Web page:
|A caravan of camels crossing the road outside Murun|
We passed some amazing sights along the way. We drove through woodland where the ground was sprinkled with brightly coloured spring flowers. When we came out into a meadow, it was so dense with flowers that the grass looked canary yellow instead of green. Later, we saw a large eagle that had just killed a rabbit. It moved along the track away from us, dragging its prey with one taloned foot. It spread its wing to fly but the rabbit was too heavy for it to take off. Given the choice, the bird stayed on the ground and slowly hopped out of view.
Even on the new route, the track was very muddy after the previous day’s rains, which slowed our progress. We had left early in the morning after our night out with the soum governor (see part two of this blog), and completely forgot to stock up on water. We had only a few small bottles which quickly ran out. By mid-morning, I was feeling extremely dehydrated.
In the wide open steppes of Mongolia, of course, you cannot rely on passing corner shops or petrol stations. We did ford a couple of streams, but neither looked clean enough to drink. Eventually, we came to a small settlement. There was a single general store, which was closed. Byamba asked at a nearby house and got directions to the owner’s home. Luckily, she agreed to open up for us. I had rarely taken so much pleasure in a bottle of water.
|An eagle with his dinner - a freshly killed rabbit|
|Our hotel in Tarialan soum. It was even worse inside.|
Inside, it was dark and dingy with crumbling masonry, peeling wallpaper and cracked windows. There was no water in the sink, which was thick with accumulated dust, no locks on the doors, and an outside toilet. An old man, as ancient and decrepit as the house itself, checked us in, seeming bemused by the whole process. It was without a doubt the worst hotel I had ever stayed in. “I guess it’s all part of the experience,” I said to Byamba.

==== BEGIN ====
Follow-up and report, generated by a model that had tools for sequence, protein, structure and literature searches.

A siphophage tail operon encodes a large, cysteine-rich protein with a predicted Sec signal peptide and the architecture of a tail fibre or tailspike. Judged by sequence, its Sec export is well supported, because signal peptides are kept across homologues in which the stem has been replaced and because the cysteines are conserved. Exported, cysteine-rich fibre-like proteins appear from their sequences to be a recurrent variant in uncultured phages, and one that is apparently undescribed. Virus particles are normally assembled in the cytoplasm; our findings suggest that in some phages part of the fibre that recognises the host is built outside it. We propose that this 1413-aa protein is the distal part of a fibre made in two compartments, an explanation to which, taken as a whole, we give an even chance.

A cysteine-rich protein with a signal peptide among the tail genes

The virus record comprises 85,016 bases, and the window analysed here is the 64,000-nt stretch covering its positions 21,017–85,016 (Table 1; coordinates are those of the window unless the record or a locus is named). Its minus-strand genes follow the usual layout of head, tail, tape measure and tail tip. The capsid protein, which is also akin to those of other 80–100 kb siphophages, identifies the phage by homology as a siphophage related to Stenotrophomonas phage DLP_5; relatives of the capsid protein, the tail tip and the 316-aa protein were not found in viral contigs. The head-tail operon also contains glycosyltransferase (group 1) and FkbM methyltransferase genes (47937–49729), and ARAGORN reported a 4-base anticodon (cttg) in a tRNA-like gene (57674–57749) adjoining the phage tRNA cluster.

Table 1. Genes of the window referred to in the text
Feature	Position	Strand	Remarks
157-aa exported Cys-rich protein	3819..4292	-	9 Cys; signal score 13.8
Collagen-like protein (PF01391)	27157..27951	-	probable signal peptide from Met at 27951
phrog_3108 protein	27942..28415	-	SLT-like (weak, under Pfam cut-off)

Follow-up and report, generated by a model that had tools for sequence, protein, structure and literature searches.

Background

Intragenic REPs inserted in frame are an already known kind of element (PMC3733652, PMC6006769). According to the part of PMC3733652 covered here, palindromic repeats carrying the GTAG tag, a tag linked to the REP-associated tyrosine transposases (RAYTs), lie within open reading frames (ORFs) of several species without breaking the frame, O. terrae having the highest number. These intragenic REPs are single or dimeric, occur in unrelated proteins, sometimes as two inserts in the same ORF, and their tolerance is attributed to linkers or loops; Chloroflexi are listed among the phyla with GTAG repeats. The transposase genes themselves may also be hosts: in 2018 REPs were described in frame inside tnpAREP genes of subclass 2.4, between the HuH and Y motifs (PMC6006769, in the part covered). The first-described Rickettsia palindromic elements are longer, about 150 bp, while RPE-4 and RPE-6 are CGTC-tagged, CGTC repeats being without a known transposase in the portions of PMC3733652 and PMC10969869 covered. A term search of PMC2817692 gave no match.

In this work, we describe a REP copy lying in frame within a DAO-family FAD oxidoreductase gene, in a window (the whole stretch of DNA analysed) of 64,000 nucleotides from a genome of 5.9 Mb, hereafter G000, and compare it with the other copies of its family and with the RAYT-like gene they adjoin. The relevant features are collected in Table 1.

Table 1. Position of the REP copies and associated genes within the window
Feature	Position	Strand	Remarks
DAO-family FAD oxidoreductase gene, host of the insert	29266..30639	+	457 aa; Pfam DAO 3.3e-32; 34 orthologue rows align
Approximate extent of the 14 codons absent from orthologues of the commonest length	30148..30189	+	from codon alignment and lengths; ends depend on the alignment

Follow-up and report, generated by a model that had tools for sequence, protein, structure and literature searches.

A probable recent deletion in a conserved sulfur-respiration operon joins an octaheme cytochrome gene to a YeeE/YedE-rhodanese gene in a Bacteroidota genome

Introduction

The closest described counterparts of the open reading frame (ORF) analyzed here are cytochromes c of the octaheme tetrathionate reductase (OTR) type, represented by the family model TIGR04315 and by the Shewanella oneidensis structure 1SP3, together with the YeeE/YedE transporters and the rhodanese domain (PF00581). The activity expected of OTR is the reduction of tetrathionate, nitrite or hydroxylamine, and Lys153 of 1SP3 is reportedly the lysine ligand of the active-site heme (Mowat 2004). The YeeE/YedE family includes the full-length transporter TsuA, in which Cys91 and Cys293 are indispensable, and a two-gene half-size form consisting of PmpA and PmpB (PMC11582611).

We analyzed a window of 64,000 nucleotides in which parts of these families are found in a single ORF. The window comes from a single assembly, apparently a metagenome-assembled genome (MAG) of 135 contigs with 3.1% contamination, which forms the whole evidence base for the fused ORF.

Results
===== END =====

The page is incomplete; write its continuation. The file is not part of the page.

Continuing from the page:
But first, we had work to do. My objective for this soum was to write a story about the new water and sanitation facilities UNICEF was planning to build for the secondary school and dormitories. Across Mongolia, children from remote areas board at schools through the harsh winter, and the lack of facilities can be a major issue for them.
It was summer and the school was closed, so we had to go out and find some children. We met the soum governor, who took us to a nearby valley where there was a mobile kindergarten and some herder families. Along the way we passed a man fast asleep at the side of the track, next to his motorbike and wrapped in a coat. “This is a very common sight in the summer,” Byamba said. “When the snow melts, herders go out drinking in the soum centre. On the way back, they realise they cannot drive. He’ll sleep it off for a few hours, then go home.” When we passed the same way later, the man was indeed gone.
|Khaliunaa and Bulganaa outside their summer home|
The landscape around the girl’s home was perhaps the most impressive I had seen. There were dark grey storm clouds on the horizon, but the wide green and yellow valley was lit up by the evening sun. On one side, a forest crowded behind the hills and marched up to the summit to do battle with the prevailing winds. Tyre tracks made chalky scars down the middle of valley, where a lone herder rode out to his animals on a motorbike. At the far end of the valley, I glimpsed small blue mountains in the distance.
Khaliunaa and Bulganaa’s family live a semi-nomadic lifestyle. They move several times a year in search of better pasture for their animals. Life can be hard, particularly during the harsh Mongolian winters. “We have 500 livestock, mainly sheep and goats plus a few horses and cows,” the girl’s father said. “This winter the snow was heavier than usual but we coped. We didn’t lose any animals.”
Because their parents live so far from the soum center, the girls spend the winter at the school dormitory. “I like learning new things at school,” Khaliunaa told me. “My favourite subject is traditional Mongolian script. I like the way it looks, it’s very beautiful.”